Mark Waid appears on the cover of PARADE magazine, included with today’s Sunday newspaper. It lists him on there as a 36 year-old “comic-book writer” pulling down $250,000 a year. When I showed my parents this, they actively encouraged me to start writing comics. Go fig.
Way back when, in the first incarnation of this column, I had occasion to do special columns called “Augie’s Arc Reviews.” In those, I’d review a recently-concluded mini-series or story arc in some given comic book.
This week, I’m bringing that back. I’ve got a couple of series I’ve just finished reading, and thought this would be a good time to discuss them. But before I do that, I have one comic I just read that I have to URGE you all to buy today because it’s just That Good.
Jeff Mariotte and John Cassaday’s possible swan-song is DESPERADOES #5. The set-up of the plot is reminiscent of an episode of HOMICIDE from this past year, but it goes in a completely different direction from there.
Before I go any further, let me set it up by telling you this: If you’ve not read the first four issues of DESPERADOES, there isn’t a problem. You don’t need to. There’s a recap to those issues on the inside front cover, but you could probably even read this issue without reading that. It’s not necessary.
Additionally, this is one of those “Done In One Tales.” I’m more and more convinced that the art to storytelling is in this type of story and not in serials. It all follows the oft-mentioned “Babylon 5” model I talk about here. Every episode has a well-defined story to it. When viewed together with another dozen episodes or so, a whole new layer (or five) is added.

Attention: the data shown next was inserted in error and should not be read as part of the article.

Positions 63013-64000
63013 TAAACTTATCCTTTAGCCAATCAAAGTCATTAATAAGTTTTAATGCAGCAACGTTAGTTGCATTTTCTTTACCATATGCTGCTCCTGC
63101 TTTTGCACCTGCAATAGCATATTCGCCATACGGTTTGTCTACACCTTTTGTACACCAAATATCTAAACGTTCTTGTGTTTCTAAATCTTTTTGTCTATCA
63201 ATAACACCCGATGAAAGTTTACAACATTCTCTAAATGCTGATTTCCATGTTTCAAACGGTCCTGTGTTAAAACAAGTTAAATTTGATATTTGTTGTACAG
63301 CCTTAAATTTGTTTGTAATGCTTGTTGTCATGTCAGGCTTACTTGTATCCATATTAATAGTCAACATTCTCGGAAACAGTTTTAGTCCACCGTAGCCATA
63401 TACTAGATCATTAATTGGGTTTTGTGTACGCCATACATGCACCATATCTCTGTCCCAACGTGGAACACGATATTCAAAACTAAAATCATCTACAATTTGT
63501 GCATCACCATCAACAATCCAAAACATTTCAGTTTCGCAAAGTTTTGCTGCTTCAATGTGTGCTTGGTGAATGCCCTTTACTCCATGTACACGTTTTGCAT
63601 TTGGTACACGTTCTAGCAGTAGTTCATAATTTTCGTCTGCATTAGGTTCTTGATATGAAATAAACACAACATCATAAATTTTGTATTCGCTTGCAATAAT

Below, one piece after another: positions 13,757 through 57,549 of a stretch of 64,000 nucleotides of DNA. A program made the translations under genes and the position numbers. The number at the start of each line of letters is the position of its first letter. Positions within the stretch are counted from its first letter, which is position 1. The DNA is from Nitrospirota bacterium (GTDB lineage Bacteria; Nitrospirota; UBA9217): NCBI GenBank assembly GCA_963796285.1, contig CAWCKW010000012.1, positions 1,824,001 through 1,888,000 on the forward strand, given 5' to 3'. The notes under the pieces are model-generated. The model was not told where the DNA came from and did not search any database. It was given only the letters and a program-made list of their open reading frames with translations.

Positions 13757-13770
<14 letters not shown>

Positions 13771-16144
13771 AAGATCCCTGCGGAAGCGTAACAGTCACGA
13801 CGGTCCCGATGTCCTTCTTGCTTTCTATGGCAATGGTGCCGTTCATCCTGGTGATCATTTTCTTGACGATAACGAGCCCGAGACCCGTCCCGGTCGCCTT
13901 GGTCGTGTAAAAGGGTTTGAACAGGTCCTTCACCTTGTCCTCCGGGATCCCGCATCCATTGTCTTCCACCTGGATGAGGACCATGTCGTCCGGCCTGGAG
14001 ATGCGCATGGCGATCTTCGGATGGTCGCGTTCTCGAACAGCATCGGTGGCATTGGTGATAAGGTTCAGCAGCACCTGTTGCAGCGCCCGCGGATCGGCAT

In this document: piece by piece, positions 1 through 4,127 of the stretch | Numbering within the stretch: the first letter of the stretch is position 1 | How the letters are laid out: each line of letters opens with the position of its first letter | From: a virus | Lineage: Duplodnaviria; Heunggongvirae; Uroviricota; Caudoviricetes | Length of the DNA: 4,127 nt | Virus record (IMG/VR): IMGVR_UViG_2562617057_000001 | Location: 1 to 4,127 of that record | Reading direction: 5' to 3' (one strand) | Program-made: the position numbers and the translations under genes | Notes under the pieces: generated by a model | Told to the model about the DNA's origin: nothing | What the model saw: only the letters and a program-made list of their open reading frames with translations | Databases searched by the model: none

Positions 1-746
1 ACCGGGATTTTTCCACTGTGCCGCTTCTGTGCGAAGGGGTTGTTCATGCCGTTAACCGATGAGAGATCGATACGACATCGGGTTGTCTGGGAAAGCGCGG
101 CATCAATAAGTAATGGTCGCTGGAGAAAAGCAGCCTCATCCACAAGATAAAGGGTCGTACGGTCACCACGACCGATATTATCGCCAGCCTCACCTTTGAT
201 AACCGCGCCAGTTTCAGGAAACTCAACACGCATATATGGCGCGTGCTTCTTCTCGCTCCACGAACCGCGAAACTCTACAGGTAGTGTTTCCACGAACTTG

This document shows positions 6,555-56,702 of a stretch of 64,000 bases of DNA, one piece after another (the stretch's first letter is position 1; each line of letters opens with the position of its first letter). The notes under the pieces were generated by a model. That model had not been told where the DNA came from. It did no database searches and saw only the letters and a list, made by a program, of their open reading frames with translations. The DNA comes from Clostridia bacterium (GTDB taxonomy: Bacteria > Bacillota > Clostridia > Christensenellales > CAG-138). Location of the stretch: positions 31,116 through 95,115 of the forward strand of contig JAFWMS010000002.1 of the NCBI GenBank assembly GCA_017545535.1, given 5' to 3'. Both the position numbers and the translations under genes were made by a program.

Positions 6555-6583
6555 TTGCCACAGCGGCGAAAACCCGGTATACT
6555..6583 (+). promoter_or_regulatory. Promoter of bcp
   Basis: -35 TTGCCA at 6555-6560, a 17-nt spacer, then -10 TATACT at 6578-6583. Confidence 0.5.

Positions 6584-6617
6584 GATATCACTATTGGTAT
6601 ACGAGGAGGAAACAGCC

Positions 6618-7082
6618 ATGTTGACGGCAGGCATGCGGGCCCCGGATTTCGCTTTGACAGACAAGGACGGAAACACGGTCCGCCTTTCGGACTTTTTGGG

Jeff Mariotte has created some characters who act as individuals and have different traits. Betts is the impulsive and angry man. Brood is the leader, looking for answers. De Grazia is the tough-as-nails woman of the group who, in addition, probably has something developing with Brood, much to the consternation of Race Kennedy, whose feelings for De Grazia are anything but subtle. He does add, however, knowledge of the law to the group and a more careful and steady presence.
This is a western tale with X-Files-like overtones of mysticism or the fantastic to it. No aliens or anything. Just interesting stuff.
John Cassaday is an amazing artist. By inking himself, he adds new
dimensions to his art and keeps everything clear, unlike most self-inking artists who end up obliterating their art of worsening their weak points. Thanks, I assume, to the color wizards, some of the backgrounds in key parts of this issue look fantastic and more, er, painted.
It’s just a damned shame this may be the end to this excellent series.
It’s also nice to see the bounties on the poster on the first page
just happen also to be members of CompuServe’s Comics and Animation Forum. Nice touch.
AUGIE’S ARC REVIEWS: 1998
We start off with one of WildStorm’s entries into the whole HEROES REBORN mess, FANTASTIC FOUR. I bought the first 10 issues of the series before giving up on the whole thing. The problem is I stopped reading them after about the third or fourth issue, figuring I’d go back eventually and read the whole thing in one sitting. So I have.